Watson narrates that he and Holmes were pleased with their new rooms and living arrangement. Holmes was not difficult to live with, as he had regular hours and was often out. He did have occasional bouts of lethargy and immobility, which Watson believed were not related to drugs because of the man's "temperance and cleanliness."
Watson was incredibly interested in Holmes and his mysterious doings; he had a copious amount of free time while regaining his health as well as a lack of friends in London to occupy his time. Holmes was clearly not studying medicine, Watson concluded, and he was not perusing any other degree. His knowledge seemed exact and desultory, focused on several small things and amazingly lacking in others. In particular, Watson was shocked that Holmes had never heard of the Copernican discovery of Earth's revolutions around the sun; Holmes responded that this was because "it is of the highest importance...not to have useless facts elbowing out the useful ones."
At one point, Watson took up a pen and wrote a list of the different types of knowledge and marked which ones Holmes seemed conversant in. He knew little to nothing of literature, philosophy, astronomy, and politics. He had a practical but limited understanding of geography, a variable understanding of botany, a profound knowledge of chemistry, an accurate but unsystematic knowledge of anatomy, and an immense knowledge of sensational literature. Holmes was quite talented on the violin, and seemed to play pieces of music that reflected his current thoughts, whether gloomy or excited.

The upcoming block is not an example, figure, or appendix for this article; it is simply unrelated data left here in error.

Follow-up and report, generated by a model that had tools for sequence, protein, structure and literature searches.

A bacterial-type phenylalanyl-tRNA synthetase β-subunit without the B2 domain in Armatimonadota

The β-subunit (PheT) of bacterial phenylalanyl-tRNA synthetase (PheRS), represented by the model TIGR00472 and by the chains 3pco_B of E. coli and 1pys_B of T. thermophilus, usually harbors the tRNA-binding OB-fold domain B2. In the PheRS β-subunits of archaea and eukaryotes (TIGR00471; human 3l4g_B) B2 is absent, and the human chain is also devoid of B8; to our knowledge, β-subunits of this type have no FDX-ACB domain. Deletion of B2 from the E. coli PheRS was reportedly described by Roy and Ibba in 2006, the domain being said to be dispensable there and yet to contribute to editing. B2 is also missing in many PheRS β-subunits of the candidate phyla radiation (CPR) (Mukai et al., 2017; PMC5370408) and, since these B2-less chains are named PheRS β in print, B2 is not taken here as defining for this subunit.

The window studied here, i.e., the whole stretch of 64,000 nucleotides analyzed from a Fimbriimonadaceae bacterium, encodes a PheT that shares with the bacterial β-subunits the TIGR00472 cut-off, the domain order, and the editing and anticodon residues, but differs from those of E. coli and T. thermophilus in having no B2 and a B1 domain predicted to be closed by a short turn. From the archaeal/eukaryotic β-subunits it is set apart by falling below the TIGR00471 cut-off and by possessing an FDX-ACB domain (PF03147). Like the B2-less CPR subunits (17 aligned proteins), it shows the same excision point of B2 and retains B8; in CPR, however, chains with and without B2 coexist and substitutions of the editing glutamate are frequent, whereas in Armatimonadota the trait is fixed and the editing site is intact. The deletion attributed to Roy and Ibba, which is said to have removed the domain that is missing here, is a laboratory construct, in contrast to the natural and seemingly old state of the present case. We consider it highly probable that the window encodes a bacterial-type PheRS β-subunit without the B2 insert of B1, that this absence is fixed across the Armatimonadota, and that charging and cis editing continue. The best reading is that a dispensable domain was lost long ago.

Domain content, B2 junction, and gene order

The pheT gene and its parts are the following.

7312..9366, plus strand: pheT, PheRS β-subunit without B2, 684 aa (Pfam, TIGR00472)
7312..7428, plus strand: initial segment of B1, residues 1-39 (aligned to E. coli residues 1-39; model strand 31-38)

Watson believed Holmes to have no friends when they first began their cohabitation, but soon noticed various individuals from different classes of society visiting him. Holmes explained that they were his clients but offered no further information.
One morning while Watson was waiting for his breakfast he picked up a magazine from the table and glanced at an article called "The Book of Life." This article attempted to explain "how much an observant man might learn by an accurate and systematic examination of everything that came in his way." A man could look at a drop of water and know what ocean it came from, or learn a man's calling from his fingernails or coat-sleeve. Watson scoffed that this article was "ineffable twaddle" and threw it upon the table. He complained to Holmes, who sat across from him, that the article was irritating and impractical.
Holmes listened to Watson and then told him that he was in fact the author of the article and that his job was a "consulting detective." This, in essence, meant that he was a private detective and he endeavored to help government detectives sort out their evidence in crimes. Those clients he mentioned were people who came to him to ask for "enlightening" on some problem they had. For more complex cases, Holmes would visit the site itself and apply his specialized knowledge and powers of observation. To make this clearer, he explained to Watson how, upon their first meeting, he had known Watson was just from Afghanistan.
Watson was surprised at these revelations and commented that Holmes reminded him of Edgar Allen Poe's Dupin and Gaboriau's detective Lecoq. Holmes was disdainful of these comparisons, not finding them accurate enough or indicative of his own talents. He then began to complain that he never got to work on any real cases as there were no crimes being committed.